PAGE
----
Smith still runs the Fed’s press shop, even as she simultaneously serves as Powell’s chief of staff. Meanwhile, the Division of Board Affairs, which she directs, also includes the Fed’s Congressional Liaison Office. In 2018, Linda Robertson supervised this office, but reported to Smith. Robertson now runs legislative affairs at the Treasury Department, according to the Prospect. That leaves Smith singularly in charge of the Fed’s relationships with both the press and Congress—and Smith herself answers to Powell, since she is his chief of staff.
But there’s one other key department that Smith oversees: the General Program Support Division—in other words, the staff economists.
“General program support” encompasses all aides to the governors, from clerical typists to their closest policy advisers. Anytime a Fed governor asks for an aide, they have to go through Smith, who scours the other departments and divisions to find someone who can be taken off of their current duties. In effect, that means that Smith gets sign-off on which economists end up advising which governors, and what work gets put on the back burner to attend to their needs. Former Fed staff tell us that the social and power dynamics of the Fed make it too awkward for a governor to theoretically say no to whoever is chosen.
By statute, the Fed chair is the only person in the Fed system who can set its governance policies, and has power over its day-to-day operations. Right now, most of that power gets delegated to one person, who is simultaneously the Fed chair’s closest personal aide, the head of the Fed’s communications office, the chief strategist for the Fed’s relationship with Congress, and the person who hand-chooses which economists get to work with which governors.
That is more power in the hands of one bureaucrat than exists in any other part of the federal government that I know of. It’s an extraordinary way to run an organization—imagine if, say, Amazon’s press secretary, top lobbyist, chief operations officer, and CEO’s secretary were all one person.
This delegation of enormous responsibility to staffers is built into the structure of the Fed. For decades, a sole staffer, general counsel Scott Alvarez, exercised control over regulatory policy, aligned with the laissez-faire direction of the man who hired him, Alan Greenspan. Alvarez, who helped draft the repeal of Glass-Steagall’s separation between investment and commercial banking and warded off any examination of mortgage fraud during the housing bubble, actively undermined the Dodd-Frank financial reform after it passed, pointing out to bank lawyers which parts he wanted to see weakened or repealed (which they promptly were).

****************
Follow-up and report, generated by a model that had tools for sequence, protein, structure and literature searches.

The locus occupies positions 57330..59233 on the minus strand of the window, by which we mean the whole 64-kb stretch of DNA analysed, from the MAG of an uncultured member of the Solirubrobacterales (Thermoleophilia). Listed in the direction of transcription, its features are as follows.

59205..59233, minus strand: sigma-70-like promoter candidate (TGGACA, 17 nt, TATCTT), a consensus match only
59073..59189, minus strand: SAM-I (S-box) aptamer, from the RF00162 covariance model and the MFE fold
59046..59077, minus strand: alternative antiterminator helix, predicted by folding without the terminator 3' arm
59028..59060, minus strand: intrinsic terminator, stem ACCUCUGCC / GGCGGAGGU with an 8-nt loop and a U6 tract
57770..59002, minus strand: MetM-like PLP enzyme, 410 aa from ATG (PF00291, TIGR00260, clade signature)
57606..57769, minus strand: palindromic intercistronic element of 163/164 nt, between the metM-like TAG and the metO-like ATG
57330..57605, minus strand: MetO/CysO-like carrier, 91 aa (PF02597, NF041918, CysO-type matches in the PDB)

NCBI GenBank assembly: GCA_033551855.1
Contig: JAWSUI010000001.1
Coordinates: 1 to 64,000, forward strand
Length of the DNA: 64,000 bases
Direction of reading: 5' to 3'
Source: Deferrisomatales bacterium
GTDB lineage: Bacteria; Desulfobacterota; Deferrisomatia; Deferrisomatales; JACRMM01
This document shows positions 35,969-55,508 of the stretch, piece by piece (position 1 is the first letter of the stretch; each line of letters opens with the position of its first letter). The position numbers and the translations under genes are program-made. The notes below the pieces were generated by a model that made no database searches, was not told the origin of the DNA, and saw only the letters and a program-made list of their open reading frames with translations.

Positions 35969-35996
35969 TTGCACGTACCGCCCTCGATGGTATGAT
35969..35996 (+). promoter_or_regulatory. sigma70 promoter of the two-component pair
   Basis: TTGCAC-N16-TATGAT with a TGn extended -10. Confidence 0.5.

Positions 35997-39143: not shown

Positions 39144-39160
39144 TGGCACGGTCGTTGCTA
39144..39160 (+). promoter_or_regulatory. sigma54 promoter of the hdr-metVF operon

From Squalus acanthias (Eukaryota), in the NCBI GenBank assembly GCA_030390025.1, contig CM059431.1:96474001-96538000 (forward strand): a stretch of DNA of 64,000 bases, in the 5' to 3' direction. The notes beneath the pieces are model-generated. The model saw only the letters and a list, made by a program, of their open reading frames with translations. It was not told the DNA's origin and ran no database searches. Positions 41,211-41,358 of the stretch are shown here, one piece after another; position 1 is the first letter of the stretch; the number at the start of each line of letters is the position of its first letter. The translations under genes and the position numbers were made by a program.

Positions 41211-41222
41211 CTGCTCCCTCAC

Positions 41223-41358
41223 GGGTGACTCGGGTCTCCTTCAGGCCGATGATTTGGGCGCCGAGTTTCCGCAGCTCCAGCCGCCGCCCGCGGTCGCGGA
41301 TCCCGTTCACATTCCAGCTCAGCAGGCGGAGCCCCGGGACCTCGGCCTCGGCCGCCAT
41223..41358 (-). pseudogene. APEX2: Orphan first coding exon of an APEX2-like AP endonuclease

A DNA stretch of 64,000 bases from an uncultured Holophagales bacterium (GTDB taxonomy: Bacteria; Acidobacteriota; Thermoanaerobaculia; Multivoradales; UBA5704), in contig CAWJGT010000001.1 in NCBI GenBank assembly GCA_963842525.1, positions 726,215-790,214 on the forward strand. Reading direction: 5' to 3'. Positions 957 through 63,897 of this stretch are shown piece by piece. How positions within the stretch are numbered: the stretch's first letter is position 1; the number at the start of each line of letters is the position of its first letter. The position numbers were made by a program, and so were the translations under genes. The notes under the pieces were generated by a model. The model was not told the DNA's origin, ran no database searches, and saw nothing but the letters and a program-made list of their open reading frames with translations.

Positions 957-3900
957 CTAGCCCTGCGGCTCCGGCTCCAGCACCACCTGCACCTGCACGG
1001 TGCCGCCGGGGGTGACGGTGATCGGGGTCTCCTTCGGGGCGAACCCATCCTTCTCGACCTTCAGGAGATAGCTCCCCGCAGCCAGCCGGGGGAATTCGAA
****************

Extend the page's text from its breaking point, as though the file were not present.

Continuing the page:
Alvarez finally retired in 2017; his replacement, Mark Van der Weide, is another Fed lifer, with 23 years at the central bank. The Legal Division, which the general counsel heads, serves the Board of Governors directly, and the chair directs day-to-day operations for that board.
This kind of power concentration is a recipe for generating yes-men, rather than independent and critical thinking. It helps explain why anyone outside of the central bank who wants to maintain a positive relationship with those inside of it—reporters, ex-staffers, congressional staff, and so on—can tend toward so much deference to the chair. When almost all of the practical power in an institution is concentrated in one person, and that person serves the leader, it becomes extremely dangerous to say what the leader doesn’t want to hear.
Smith herself clearly recognizes the power of her job. The Post reports that she left the private sector almost as soon as she entered it in the mid-aughts. She also appears to be setting up a potential dynasty. Her daughter, Maddie Smith, is now a special assistant in the Treasury Department, following one of Smith’s old bosses, Yellen. The younger Smith joined the government from a communications consultancy, implying that she might foresee a similar career path to her mother: talking to reporters on behalf of top economic policymakers.
Institutions like the Fed, with this much centralization of power, and this much momentum to downplay dissent, are ripe for ethical lapses and scandals. There’s an active debate about reappointing Chair Powell. But until we address the way that people who are unrecognizable to the public also set and entrench Fed policy, we simply shouldn’t expect it to be fully responsive to public needs.